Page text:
You might not know Luther Russell by name, but you’ve probably heard music he’s made with the likes of Jakob Dylan (Wallflowers), Jody Stephens (Big Star), Brian Bell (Weezer), Ethan Johns (Emmylou Harris, Ryan Adams) and countless others. Selective Memories: An Anthology, out February 23 on Hanky Panky, is a two-CD compilation of Russell’s material that’s a stellar introduction for newcomers to this musician’s musician. Russell will be guest editing magnetmagazine.com all week.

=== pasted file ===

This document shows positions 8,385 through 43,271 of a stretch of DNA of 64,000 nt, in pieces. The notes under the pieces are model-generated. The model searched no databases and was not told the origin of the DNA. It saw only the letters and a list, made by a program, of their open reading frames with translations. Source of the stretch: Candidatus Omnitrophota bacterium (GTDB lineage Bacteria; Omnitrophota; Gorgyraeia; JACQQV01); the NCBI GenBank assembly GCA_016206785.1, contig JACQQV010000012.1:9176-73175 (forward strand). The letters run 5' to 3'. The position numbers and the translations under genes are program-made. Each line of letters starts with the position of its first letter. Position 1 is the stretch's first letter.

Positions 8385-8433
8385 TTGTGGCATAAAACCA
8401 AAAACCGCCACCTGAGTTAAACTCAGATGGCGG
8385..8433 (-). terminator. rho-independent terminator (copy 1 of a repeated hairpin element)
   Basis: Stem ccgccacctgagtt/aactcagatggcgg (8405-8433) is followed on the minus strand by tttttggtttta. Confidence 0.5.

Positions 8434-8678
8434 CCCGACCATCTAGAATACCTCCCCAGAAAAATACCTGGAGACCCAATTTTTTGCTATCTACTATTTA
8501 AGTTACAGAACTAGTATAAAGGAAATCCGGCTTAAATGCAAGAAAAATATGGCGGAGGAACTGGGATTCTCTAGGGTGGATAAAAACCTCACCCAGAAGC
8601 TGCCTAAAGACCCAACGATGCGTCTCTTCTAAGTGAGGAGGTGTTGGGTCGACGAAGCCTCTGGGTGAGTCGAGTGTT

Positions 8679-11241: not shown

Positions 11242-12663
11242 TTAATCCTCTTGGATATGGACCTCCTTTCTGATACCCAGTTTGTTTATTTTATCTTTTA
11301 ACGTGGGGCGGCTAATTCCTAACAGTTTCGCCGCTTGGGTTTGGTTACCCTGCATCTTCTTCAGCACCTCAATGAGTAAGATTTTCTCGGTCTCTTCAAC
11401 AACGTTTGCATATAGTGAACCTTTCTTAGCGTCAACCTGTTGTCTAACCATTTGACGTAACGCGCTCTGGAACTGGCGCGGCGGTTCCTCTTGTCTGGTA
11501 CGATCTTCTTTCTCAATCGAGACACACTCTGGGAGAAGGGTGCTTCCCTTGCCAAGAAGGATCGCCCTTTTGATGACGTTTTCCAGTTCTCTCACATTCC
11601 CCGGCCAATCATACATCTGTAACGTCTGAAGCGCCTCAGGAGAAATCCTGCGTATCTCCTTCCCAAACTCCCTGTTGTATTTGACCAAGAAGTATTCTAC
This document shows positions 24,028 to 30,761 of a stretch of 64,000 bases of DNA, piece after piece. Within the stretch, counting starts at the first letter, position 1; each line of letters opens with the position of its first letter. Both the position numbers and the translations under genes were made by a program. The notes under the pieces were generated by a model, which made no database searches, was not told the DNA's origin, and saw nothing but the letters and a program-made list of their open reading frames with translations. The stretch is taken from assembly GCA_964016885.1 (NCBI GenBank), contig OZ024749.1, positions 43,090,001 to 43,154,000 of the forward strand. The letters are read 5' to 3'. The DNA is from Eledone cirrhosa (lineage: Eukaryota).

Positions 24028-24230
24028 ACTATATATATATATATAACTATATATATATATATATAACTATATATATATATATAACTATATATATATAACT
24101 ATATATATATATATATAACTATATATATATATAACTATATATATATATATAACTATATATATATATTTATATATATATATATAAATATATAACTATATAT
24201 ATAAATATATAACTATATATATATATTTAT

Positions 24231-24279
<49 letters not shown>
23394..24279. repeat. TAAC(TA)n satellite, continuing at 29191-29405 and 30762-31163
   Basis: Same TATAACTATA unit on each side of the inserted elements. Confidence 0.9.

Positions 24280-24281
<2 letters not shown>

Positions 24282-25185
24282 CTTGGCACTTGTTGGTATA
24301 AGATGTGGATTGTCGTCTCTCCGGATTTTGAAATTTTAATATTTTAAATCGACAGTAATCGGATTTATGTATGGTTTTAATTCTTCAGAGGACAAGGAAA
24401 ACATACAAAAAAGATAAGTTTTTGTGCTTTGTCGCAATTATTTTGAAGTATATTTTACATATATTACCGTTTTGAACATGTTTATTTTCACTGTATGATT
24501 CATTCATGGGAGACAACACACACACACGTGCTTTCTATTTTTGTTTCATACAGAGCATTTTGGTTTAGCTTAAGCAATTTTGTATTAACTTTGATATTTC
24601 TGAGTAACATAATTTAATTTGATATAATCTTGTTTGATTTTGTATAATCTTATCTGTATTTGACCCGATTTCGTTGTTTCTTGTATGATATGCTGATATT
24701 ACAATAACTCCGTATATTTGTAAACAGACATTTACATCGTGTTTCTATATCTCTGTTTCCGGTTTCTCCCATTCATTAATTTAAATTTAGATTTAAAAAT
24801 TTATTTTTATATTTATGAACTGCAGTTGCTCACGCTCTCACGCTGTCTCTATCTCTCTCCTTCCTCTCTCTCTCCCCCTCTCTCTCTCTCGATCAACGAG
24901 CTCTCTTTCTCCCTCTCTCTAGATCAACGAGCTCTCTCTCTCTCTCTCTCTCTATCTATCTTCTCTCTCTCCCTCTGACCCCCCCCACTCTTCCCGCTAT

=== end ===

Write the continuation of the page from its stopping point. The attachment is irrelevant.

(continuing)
Russell: I recently finished reading this 2004 novella by the late, great Colombian writer. It’s about a lecherous journalist who, having just celebrated a his 90th birthday, seeks sex with a young prostitute who’s selling her virginity to help her family. In this underage teen, he discovers love for the first time in his life. I know, I know … it sounds horrifying. And, yes, the lead character is cunning codger who has unabashedly paid for sex his whole life, so as not to complicate it. He’s a perverted old coot, but an honest old coot nonetheless. He proclaims himself a “mediocre” journalist and that he’s “ugly, shy and anachronistic.” He mentions that he never went to bed with a woman “that he didn’t pay” and was twice-named “client of the year” in the red-light district he has frequented for decades. But the man hates how he’s led his long and predictable life and is ready to change, albeit for love. This book is really about Márquez’s favorite subject: time. And I believe that in this book he really evokes a sense of age and how it can slip by without notice, even nine decades of it. And all one’s left with is now. Forever now and what to do with it. Ultimately, it’s a story of transition and tells it expressively and passionately. The translation is pretty fantastic, and the writing is kaleidoscopic, almost visionary, as one would come to expect from the much-celebrated Márquez.